Because there were so few foreign participants in the games, the U.S. decided to combine the Olympics with U.S. national championships, so in addition to the Olympic games there were also things like local YMCA swim meets. Sports like boxing, lifting dumbbells, freestyle wrestling, and the decathlon also made a debut at the 1904 Summer Olympics.
Ironically, St. Louis wasn’t even supposed to host the 1904 Olympics. The people behind the Louisiana Purchase Expedition, aka the World’s Fair, didn’t want two international events to be held at the same time and made the case that the Olympics should be combined with the fair’s planned sporting events.
Pierre de Coubertin, who created the International Olympic Committee and brought the Olympics games to modernity in 1896 in Athens, Greece, followed by Paris’ games in 1900, consented and allowed the games to happen in St. Louis. He later famously said that “the games matched the mediocrity of that city.” Ouch.
“Everything settled. You have Olympic Games.”
Baron Pierre de Coubertin sent this telegram in February 1903 and awarded the city of St. Louis the right to host the 1904 Olympic Games. Yet nearly two years earlier, in May 1901, Coubertin and the International Olympic Committee voted to award the same Olympic Games to Chicago.
Somehow St. Louis stole the Olympics.
Although Chicago won the original bid, St. Louis immediately set out to undermine its planning efforts. Already slated to host the 1903 World’s Fair, St. Louis’ ambition grew, and it quickly made the decision to steal the Olympics.
Using the combination of its financial backing and its willingness to use America’s athletes as leverage, St. Louis outflanked and outmaneuvered its northern rival. Chicago had only three choices: continue with the Olympics as planned but without America’s best athletes; transfer the Games to St. Louis; postpone the Olympics until 1905. Meekly, Chicago asked Coubertin to make the final decision.
Baron de Coubertin read the writing on the wall. In February 1903, he alerted Chicago of his decision. With two words, Coubertin wiped out two years of planning: Transfer accepted.
Seeing as President Teddy Roosevelt considered sport an essential part of manliness, outmatched only by shooting foreigners and bullying pulpits, it’s not a huge surprise he would bring the U.S. its first Olympics in 1904. The only problem was that the games were scheduled for Chicago and were, at best, an afterthought to St. Louis’ World’s Fair.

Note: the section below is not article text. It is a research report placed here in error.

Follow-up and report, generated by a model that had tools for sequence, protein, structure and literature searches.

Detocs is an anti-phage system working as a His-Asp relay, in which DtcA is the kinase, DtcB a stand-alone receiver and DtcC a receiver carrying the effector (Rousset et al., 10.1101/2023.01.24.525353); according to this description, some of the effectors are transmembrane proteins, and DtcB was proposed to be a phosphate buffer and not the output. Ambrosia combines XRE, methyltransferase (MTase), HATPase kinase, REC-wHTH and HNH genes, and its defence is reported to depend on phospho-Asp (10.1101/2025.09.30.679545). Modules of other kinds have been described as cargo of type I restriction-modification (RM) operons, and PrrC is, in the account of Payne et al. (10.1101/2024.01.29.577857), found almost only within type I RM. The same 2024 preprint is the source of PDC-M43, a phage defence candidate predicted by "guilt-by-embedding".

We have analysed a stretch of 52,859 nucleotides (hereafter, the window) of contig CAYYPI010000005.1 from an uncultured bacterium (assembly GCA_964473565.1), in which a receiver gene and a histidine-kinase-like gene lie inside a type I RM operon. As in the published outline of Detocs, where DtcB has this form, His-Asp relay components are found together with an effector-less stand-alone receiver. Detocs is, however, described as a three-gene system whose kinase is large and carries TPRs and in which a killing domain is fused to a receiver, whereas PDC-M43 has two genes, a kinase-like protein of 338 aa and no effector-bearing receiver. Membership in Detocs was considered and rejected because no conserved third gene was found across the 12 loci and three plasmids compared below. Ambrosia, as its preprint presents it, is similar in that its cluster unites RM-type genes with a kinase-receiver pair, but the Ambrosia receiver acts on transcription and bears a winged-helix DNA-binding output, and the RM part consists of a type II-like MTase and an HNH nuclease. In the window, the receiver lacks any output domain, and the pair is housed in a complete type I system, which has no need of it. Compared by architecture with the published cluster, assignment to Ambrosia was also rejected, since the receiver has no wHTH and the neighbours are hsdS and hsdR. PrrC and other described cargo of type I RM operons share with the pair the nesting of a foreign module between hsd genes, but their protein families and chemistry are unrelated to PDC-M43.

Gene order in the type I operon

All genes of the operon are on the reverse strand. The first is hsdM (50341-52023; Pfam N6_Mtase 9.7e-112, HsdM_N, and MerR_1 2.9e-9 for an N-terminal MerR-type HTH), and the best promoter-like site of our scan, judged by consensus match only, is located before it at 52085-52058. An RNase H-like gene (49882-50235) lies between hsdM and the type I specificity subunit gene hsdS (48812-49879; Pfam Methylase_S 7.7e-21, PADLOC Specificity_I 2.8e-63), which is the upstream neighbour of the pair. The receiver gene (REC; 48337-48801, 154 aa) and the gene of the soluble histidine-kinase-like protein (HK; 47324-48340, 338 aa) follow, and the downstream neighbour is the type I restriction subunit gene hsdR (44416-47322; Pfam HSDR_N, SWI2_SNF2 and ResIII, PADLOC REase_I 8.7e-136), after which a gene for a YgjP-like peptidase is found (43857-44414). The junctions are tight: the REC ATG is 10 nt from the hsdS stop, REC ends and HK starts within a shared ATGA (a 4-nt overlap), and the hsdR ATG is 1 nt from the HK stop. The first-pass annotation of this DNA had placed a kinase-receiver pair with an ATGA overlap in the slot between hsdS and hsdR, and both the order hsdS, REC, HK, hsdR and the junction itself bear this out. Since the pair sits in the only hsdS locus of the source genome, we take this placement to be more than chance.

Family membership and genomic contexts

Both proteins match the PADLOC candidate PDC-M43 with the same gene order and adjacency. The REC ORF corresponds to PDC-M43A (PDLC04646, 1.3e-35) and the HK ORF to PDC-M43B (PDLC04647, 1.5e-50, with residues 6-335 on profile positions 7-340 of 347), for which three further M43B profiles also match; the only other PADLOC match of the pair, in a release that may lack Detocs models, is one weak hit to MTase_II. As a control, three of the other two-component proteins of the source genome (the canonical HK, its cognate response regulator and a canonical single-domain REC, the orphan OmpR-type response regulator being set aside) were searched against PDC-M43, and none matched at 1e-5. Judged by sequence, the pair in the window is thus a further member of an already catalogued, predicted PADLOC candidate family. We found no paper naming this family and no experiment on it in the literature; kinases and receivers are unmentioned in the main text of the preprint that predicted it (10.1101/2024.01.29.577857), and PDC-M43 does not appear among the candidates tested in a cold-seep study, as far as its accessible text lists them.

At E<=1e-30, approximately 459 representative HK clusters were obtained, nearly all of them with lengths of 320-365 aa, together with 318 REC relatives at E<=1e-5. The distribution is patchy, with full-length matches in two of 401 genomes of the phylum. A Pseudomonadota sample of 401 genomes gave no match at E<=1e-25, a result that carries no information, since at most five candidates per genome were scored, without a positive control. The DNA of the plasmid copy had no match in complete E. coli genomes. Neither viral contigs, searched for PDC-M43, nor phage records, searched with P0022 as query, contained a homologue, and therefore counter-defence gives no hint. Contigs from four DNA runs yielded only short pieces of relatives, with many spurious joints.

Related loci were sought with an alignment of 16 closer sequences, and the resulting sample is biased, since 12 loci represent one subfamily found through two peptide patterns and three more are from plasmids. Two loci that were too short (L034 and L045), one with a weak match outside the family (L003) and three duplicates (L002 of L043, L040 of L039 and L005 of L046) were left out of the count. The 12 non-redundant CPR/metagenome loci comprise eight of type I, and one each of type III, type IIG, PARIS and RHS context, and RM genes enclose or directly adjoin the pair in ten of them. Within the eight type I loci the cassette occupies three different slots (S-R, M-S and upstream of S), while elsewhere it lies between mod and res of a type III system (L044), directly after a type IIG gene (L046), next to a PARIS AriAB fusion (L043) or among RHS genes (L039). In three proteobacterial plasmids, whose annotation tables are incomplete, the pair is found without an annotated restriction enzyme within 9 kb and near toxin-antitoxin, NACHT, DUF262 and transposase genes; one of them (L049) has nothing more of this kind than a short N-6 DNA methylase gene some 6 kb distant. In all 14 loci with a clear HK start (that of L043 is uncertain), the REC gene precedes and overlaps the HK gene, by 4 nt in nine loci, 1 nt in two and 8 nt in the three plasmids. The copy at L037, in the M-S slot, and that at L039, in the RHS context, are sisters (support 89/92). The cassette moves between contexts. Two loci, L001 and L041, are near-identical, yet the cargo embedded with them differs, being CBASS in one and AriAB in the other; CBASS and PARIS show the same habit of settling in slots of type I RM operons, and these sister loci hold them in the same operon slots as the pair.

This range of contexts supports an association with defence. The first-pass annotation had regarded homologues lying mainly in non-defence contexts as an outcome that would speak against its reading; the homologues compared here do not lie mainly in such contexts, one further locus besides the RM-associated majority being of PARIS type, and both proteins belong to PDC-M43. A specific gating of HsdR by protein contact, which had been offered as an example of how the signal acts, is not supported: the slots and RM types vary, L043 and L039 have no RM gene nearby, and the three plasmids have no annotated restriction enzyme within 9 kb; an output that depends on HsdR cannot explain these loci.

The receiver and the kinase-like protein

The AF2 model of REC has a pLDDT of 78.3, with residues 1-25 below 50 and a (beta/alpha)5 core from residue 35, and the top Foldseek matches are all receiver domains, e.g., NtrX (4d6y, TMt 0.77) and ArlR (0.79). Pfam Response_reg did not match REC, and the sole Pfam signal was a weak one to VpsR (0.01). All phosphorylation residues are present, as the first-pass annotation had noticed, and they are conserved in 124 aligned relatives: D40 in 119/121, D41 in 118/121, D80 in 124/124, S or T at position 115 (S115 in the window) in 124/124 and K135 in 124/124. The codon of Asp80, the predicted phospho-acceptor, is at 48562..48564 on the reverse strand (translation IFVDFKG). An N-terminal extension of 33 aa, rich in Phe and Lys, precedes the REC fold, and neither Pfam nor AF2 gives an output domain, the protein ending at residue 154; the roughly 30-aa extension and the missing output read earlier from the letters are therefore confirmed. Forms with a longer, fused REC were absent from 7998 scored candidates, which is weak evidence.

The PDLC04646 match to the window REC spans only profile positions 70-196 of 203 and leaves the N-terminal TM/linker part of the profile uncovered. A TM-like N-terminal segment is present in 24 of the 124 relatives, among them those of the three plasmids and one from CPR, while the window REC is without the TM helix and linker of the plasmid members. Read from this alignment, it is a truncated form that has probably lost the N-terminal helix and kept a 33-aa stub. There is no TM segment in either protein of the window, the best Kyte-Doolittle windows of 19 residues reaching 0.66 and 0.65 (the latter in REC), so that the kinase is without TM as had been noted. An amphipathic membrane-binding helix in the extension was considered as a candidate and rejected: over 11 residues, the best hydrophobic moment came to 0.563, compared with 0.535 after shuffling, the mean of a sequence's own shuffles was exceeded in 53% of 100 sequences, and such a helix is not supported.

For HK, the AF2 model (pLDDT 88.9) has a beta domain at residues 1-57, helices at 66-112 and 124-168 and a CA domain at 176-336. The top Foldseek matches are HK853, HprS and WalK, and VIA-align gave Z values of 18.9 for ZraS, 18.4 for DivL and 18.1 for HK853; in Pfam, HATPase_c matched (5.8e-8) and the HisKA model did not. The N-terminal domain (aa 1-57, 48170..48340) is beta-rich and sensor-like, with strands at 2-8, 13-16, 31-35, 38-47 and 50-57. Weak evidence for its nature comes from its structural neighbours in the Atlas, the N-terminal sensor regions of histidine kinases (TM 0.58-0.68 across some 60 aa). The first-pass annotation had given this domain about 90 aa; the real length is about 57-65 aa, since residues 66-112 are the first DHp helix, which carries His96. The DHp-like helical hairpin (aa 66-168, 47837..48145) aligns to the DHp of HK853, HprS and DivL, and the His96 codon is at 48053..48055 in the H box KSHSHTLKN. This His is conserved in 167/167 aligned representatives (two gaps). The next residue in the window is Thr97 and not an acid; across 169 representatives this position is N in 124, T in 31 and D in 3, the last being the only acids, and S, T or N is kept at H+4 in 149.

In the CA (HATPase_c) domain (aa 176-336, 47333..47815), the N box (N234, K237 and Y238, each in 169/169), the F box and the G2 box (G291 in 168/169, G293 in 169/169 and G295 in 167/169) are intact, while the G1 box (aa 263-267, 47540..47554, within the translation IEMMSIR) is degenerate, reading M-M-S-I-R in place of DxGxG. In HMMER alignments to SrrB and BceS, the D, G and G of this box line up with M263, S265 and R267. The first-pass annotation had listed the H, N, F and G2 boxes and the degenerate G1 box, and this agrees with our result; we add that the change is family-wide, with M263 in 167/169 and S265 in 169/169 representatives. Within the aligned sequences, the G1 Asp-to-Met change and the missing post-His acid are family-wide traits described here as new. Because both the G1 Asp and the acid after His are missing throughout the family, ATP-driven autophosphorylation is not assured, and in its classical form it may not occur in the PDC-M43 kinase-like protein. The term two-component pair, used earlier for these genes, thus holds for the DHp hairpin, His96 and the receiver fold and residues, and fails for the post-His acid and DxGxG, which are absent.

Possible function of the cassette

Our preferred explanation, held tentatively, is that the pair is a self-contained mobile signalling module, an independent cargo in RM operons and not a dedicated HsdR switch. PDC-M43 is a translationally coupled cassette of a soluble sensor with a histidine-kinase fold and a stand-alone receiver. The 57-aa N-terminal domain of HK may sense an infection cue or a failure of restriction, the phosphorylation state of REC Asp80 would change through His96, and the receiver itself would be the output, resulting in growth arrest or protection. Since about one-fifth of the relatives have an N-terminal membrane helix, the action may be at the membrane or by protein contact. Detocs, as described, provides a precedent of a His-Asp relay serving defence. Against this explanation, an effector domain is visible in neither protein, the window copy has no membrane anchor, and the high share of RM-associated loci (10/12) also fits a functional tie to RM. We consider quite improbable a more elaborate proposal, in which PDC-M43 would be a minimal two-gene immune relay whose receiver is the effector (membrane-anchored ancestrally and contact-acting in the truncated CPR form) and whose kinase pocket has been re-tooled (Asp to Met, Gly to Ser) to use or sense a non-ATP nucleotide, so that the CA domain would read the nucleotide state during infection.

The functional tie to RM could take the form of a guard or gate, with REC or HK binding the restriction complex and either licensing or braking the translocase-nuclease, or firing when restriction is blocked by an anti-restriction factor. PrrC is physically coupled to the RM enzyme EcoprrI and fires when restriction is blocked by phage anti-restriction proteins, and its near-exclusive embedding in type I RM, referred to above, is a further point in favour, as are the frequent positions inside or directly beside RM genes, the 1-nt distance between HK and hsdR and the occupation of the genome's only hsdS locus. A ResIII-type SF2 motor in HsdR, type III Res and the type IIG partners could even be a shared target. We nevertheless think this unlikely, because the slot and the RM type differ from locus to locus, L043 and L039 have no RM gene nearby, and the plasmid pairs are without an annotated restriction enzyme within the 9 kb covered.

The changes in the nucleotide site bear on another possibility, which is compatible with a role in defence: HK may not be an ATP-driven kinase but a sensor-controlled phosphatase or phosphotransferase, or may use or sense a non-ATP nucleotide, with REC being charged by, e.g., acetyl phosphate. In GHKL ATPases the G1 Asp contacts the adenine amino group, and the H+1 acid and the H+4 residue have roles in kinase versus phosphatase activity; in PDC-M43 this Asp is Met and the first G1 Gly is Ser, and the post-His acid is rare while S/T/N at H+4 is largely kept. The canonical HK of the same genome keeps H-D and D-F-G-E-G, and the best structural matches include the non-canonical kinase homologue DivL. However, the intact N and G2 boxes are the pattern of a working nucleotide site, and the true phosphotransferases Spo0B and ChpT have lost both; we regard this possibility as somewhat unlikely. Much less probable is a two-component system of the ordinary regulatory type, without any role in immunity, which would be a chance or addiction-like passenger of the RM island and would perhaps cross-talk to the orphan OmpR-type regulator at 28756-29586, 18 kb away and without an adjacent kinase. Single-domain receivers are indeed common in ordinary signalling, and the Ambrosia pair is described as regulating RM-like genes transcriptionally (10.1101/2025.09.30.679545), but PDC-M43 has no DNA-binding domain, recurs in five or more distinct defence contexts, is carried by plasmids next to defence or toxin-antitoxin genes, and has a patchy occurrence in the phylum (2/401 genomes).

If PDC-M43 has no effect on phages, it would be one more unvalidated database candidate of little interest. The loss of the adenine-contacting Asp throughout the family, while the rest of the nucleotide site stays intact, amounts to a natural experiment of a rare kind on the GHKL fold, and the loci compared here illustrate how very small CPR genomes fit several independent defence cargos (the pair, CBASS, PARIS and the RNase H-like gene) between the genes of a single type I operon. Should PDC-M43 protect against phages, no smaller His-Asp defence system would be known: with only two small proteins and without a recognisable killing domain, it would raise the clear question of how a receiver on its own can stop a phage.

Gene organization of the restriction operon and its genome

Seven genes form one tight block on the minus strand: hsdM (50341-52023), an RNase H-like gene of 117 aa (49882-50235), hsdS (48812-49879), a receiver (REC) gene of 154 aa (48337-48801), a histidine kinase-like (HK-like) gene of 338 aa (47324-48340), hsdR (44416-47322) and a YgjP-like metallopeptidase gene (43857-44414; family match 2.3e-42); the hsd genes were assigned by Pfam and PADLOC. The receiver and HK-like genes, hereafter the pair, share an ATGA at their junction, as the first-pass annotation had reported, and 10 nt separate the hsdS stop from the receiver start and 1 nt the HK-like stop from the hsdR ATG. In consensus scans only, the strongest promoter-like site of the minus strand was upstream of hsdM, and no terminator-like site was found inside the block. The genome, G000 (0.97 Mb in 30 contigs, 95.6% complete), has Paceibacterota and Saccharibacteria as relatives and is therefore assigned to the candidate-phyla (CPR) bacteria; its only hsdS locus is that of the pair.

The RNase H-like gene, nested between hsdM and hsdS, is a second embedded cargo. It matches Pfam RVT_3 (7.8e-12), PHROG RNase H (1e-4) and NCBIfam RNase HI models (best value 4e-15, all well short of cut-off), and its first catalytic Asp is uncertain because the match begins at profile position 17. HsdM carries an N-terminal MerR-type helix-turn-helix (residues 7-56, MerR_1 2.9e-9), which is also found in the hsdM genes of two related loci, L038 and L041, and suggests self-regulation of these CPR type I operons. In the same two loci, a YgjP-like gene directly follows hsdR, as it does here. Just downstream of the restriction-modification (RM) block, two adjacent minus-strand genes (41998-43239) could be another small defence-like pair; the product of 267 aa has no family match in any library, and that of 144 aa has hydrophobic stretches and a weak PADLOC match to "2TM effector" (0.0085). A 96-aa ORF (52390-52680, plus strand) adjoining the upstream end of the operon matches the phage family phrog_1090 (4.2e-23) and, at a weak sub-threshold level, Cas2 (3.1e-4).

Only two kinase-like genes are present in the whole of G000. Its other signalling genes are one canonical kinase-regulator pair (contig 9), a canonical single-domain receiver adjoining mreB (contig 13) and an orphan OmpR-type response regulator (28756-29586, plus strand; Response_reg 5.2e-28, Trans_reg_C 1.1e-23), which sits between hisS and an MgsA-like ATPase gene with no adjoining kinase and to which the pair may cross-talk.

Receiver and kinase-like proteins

World’s Fair organizers made it known that they weren’t willing to compete for crowds that summer, and eventually they just straight up threatened to hold their own way cooler athletics competition if the Olympics didn’t comply. IOC President Pierre de Coubertin fought the relocation tooth and nail, but after word spread that Roosevelt supported the shift to St. Louis and that Chicago was woefully unprepared to host much more than a child’s birthday party, the IOC voted 14-2 against the Second City.
The opening of the Louisiana Purchase Exposition followed several years of preparation that included the development of surrounding neighbourhoods, improvements to the city’s water supply, and the clearing of parkland. The great enterprise that unfolded in St. Louis in 1904 brought together the achievements of science, art, and industry that helped define the advent of the twentieth century. The story behind the construction of the Louisiana Purchase Exposition is one of human perseverance—a testimony to the energy, investment, and commitment of the citizens of St. Louis.
The Fair was a highly orchestrated event, with its designers joining ranks with civic planners and an army of more than 10,000 labourers to transform over 1,200 acres of thickets and swamps in Forest Park and Clayton into a grand landscape filled with classically inspired buildings, waterways, gardens, and venues. While the 1904 World’s Fair celebrated the one-hundredth anniversary of the Louisiana Purchase, the renovated parkland told a story of American progress since 1804.
The World’s Fair served as host to the Games—the first Olympics to be held in the United States since the ancient event’s 1896 revival. The official games took place August 29 through September 3, 1904, predominantly at Francis Field, the stadium on the campus of Washington University. Throughout the course of the World’s Fair, numerous other athletic events and contests occurred under the guise of the Olympics in order to boost the public’s interest and participation. More than simply competitive events, the 1904 Olympics served as a demonstration of the health benefits of physical exertion both for individuals and nations. European tension caused by the Russo-Japanese War, and the difficulty of getting to St. Louis, kept most of the world’s top athletes away.